Pastor Stew Carlson, Sychar Lutheran Church
Dolley Madison is one of the most remarkable women in U.S. history.
I want to tell you the story of perhaps the most devout Christian ruler this country has ever known.
Last week, Christians around the world celebrated Holy Week with the most well-known days being Good Friday, the day of Jesus Christ's death, and Easter Sunday, the day of Christ's Resurrection. I
I was a second-year student at the seminary. I was taking a class about understanding the life of Jesus. Robert was the most impressive student in the class.
Next month, Lutherans will celebrate the 500th anniversary of the event that is commonly attributed as the birth of their faith in Martin Luther's posting of the 95 Theses. Such a faith event provides an opportunity for reflection on the beliefs that guide it. To understand, Lutheranism you need to understand our beliefs about Baptism.
The year 2017 constitutes an important anniversary in the history of western civilization. Five-hundred years ago, Martin Luther submitted the 95 Theses to the Wittenberg University faculty beginning the Protestant Reformation. While interpreting these events can make for an interesting discussion depending on one's faith tradition, the question that I wish to explore is "What motivated Martin Luther?"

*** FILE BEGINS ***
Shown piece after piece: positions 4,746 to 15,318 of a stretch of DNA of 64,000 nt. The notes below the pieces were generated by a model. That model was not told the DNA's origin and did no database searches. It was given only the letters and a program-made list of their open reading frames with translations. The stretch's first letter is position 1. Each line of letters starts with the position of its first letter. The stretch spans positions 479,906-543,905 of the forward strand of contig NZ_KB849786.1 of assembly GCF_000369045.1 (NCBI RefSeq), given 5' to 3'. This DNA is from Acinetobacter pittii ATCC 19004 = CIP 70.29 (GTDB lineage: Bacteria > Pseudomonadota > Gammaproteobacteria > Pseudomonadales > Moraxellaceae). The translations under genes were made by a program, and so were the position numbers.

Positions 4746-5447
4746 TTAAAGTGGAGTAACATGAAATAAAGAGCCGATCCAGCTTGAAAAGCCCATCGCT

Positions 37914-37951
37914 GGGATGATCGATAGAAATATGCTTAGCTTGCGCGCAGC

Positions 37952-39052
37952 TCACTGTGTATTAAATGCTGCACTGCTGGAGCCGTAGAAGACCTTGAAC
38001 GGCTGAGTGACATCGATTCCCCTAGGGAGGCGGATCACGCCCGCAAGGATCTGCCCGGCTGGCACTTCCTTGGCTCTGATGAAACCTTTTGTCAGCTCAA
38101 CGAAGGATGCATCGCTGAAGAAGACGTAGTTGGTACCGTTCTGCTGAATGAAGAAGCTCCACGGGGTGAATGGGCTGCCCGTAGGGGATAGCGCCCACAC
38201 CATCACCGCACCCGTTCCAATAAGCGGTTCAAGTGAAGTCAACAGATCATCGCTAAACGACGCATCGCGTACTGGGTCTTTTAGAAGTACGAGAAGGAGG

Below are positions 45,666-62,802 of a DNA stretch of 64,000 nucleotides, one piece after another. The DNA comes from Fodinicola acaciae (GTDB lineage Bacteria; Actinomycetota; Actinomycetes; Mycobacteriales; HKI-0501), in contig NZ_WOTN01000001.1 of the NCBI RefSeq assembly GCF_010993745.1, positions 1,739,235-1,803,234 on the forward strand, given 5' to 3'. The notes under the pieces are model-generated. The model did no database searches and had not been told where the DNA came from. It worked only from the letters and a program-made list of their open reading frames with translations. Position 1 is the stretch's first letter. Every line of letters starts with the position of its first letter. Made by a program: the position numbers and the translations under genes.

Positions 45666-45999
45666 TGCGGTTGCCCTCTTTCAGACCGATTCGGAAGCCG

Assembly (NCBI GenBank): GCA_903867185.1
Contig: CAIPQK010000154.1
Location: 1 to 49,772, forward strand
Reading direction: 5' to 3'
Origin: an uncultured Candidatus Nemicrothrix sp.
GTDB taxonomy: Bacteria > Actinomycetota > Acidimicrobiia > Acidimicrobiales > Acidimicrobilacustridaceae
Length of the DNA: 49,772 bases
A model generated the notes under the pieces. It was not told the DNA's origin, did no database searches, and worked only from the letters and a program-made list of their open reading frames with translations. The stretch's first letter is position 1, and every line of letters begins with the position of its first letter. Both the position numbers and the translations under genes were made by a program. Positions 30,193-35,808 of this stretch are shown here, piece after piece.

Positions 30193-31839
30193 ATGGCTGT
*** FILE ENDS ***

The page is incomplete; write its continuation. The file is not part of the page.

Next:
As someone who has tried to stay culturally relevant by watching every episode of The Simpsons for the last 28 years, I tend to take notice when the wider culture attempts to explain religion. Two terms that people use that draw my ire most frequently are "Fundamentalists" and "Evangelicals." These religious movements are dismissed by some as merely being right-wing reactionaries who are nothing more than intolerant flat-earthers. Regardless of your personal belief system, I believe such oversimplification is not helpful for dialogue among neighbors.
What happens when we die? The common assumption among many believers is that the soul journeys to either heaven or hell for all eternity. I hope to shed a bit more insight into some of these issues as Christians consider our understanding of the afterlife. When we think of heaven, the images are clear: streets paved with gold and pearly gates. Hell has additional clear images such as a lake of fire and eternal torment.